AFI 11-SINGING IN THE RAIN

By J.M.E. | February 10, 2019

SINGING IN THE RAIN was supposed to have its first TV showing on NBC the week of the Kennedy Assignation in November 1963. But, considering the events, it was decided that the film (a light musical comedy) was not appropriate and the showing was postponed until (I think) January 1964 which is when I first saw the film. Unfortunately for me, I watched it on my TV and not the family color TV and my TV was B&W. Nevertheless, I enjoyed the movie and—following the…

Read More

AFI 10-SCHINDLER’S LIST.

By J.M.E. | January 26, 2019

    My relationship with Schindler’s List is an odd one and goes back before the film was even made. Flashback. Years ago while in college I was waiting for someone in a dormitory lobby and laying on the coffee table beside my chair was a tattered paperback copy of Albert Speer’s “Inside The Third Reich.” Before this time I had absolutely no interest in Hitler or Nazi Germany. In fact, quite the opposite. At the time of the Eichmann trial in the early 60s…

Read More

DONG KINGMAN AND 55 DAYS AT PEKING

By J.M.E. | January 24, 2019

    From Wikipedia: Dong Kingman was a Chinese American artist and one of America’s leading watercolor masters. As a painter on the forefront of the California Style School of painting, he was known for his urban and landscape paintings, as well as his graphic design work in the Hollywood film industry. He has won widespread critical acclaim and his works are included in over 50 public and private collections worldwide, including Metropolitan Museum of Art, Museum of Fine Arts, Boston; Brooklyn Museum; deYoung Museum and Art…

Read More

AFI 9-ON THE WATERFRONT

By J.M.E. | January 19, 2019

  I first saw the ON THE WATERFRONT when I was five and my brothers took me to see it at a local theater in second run.  As adult memory doesn’t begin until about seven, I just remember fragments and most especially that the theater was so packed that I had to sit the petition behind the last row of the orchestra. I think I remember the fight at the end and that the streets and apartments in film looked very much like where I was…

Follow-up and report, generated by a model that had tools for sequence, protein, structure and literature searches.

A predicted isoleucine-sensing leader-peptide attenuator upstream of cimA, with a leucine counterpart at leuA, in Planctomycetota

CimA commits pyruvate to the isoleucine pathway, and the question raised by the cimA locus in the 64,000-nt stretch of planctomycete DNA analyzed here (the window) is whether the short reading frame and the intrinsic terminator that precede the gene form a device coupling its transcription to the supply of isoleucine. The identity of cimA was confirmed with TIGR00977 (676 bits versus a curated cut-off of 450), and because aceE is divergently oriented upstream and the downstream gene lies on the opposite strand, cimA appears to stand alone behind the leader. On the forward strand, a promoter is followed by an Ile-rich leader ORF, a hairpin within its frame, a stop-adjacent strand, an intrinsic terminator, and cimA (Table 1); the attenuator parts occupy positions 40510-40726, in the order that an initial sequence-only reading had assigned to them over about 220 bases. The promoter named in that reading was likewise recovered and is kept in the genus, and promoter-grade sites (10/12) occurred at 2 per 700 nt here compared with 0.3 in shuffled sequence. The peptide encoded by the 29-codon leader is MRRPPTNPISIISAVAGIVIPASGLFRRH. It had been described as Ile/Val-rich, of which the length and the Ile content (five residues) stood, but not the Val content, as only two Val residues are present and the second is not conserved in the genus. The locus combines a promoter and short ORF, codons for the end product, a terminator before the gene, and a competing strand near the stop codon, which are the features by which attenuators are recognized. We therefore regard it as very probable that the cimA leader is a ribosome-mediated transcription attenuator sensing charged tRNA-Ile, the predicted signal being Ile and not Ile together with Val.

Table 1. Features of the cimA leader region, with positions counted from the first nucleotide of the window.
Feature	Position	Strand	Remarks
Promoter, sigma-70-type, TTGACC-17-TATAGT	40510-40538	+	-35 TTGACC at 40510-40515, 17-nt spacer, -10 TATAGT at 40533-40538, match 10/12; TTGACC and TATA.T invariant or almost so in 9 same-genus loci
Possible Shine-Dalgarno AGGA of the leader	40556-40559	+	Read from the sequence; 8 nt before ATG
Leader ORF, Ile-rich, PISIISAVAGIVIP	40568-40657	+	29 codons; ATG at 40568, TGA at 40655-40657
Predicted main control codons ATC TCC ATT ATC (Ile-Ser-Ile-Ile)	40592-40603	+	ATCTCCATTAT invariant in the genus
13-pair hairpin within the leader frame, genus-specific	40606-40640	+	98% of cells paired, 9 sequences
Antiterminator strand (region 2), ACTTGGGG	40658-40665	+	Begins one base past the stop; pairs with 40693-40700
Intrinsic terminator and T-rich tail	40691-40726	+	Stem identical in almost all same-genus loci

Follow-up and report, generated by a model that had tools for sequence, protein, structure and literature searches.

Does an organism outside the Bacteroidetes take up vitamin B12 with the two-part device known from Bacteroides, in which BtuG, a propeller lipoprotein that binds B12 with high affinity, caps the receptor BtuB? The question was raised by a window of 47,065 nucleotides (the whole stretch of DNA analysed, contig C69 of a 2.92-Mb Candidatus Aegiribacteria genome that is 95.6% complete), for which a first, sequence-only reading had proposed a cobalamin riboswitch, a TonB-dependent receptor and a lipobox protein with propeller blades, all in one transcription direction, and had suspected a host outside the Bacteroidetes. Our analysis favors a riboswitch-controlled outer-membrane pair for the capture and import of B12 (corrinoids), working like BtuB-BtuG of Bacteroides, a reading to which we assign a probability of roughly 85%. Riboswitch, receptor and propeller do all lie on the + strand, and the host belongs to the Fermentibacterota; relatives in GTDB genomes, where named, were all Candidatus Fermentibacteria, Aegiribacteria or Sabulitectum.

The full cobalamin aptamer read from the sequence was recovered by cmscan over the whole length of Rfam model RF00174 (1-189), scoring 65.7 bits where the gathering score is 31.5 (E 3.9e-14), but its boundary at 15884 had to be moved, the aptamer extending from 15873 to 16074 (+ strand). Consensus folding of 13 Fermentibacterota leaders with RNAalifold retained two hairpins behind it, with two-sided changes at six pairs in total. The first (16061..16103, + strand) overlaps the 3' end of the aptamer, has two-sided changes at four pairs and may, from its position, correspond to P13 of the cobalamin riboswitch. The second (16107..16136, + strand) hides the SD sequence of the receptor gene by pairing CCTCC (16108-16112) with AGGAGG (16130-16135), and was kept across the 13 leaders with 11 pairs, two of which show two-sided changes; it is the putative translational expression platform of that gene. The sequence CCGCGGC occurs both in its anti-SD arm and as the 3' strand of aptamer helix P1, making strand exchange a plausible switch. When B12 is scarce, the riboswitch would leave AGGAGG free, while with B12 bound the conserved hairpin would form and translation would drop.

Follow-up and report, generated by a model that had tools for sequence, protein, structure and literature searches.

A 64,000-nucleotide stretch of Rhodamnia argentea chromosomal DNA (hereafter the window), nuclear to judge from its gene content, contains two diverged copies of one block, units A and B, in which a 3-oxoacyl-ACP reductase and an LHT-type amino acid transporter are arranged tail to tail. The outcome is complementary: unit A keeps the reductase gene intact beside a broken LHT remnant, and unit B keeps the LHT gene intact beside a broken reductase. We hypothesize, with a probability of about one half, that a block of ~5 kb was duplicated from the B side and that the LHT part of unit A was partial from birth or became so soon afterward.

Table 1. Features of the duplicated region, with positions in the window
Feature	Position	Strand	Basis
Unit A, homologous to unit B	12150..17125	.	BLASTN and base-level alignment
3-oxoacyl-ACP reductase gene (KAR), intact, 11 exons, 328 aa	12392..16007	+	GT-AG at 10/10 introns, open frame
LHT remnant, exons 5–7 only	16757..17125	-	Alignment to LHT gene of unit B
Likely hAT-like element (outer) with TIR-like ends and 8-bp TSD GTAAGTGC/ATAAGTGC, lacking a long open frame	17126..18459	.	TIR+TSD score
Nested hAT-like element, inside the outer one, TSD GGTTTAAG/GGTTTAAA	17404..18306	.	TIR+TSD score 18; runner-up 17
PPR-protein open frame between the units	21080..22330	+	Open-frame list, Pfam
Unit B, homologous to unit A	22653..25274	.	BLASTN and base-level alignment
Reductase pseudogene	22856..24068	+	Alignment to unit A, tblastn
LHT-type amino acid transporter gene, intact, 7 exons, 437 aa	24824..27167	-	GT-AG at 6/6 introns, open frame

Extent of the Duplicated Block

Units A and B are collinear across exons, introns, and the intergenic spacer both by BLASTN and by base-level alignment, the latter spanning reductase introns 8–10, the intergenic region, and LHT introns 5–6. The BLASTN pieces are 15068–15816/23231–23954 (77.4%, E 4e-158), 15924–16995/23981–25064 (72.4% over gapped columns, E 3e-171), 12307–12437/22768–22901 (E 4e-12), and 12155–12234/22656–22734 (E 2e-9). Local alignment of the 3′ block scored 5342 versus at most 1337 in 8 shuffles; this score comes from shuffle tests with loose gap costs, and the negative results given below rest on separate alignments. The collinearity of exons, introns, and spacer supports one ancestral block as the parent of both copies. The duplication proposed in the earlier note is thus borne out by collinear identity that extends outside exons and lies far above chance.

Read More

By J.M.E. | January 18, 2019

                                                INTERVIEW AS PLAY   STARRING SULLY BOYAR/LAUREN JONES JONES/JIM SPINKS/BILL DUKE and JOSEPH EGAN   Of all the interviews I ever did this is, without question, my favorite. Why I had kept the original tape is a mystery as I always reused my interview tapes. And, as for the finished interviews I never kept them, either my original typewriter copy or…

Read More

AFI 8-THE GRADUATE

By J.M.E. | January 17, 2019

    THE GRADUATE and I have an interesting history. It opened when I was a sophomore in High School. There was a lot of talk about it at the school but I wasn’t into these low budget films (I think it came in for something around $2,000,000.) that were basically anti-Hollywood and what soon would be called “The Now Movie.” They dealt with everyday life rather than the “fantasy” films I had grown up watching and loving. BONNIE AND CLYDE was another one of…

Read More

MARLENE DIETRICH AND JOSEPH STERNBERG

By J.M.E. | January 15, 2019

    Marlene Dietrich and Joseph Sternberg were one of the great Actor-director Hollywood matchings. Of the six films they made, in order of American release, MOROCCO did extremely well at the box office and established Dietrich as a star. The English Language version of THE BLUE ANGEL then solidified her star status. DISHONORED was a great success—The final Piano and firing squad sequence is incredible—and SHANGHAI EXPRESS was their greatest box office success and was the film that turned Marlene Dietrich into DIETRICH.   BLONDE…

Read More

LOUIS B. MAYER MEETS JOHN HUSTON

By J.M.E. | December 27, 2018

    As we all know Louis B. Mayer was head of MGM studies from 1925—when the company was founded—until 1951 when he was forced out by the Nick Schneck, President of Loews Inc. MGM’s parent company. Mayer was not a picture maker. He knew how to run a studio which meant that he managed the physical plant, knew talent when he saw it, paid top dollar for that talent and gave it the best resources then available to make movies. Nevertheless, Mr. Mayer was…

Read More

AFI 7-THE PHILADELPHIA STORY

By J.M.E. | December 24, 2018

    Let me just say this from the beginning. THE PHILADELPHIA STORY is not one of my favorite films. Don’t get me wrong, I think it’s a great confection—a film in which style far outweighs content.  But first my history with the film. Truth is I don’t remember when I first saw it. It was probably on New York’s WCBS late show—mostly likely Saturday Night when the better films were first shown—as WCBS was licensing pre-1940 MGM film packages. But truth is that this…

Read More

AFI 6-THE WIZARD OF OZ

By J.M.E. | December 24, 2018

I am of the generation who first saw the WIZARD OF OZ on TV in 1956 when it was shown on CBS for the first time. As we did not have a color TV—for me—the movie was in B&W from beginning to end. Despite that I found the film to be magic and thinking back to this first showing, and to the others that followed, I don’t remember commercials being any sort of annoyance or mitigating my enjoyment of the film. The pull of the…

Read More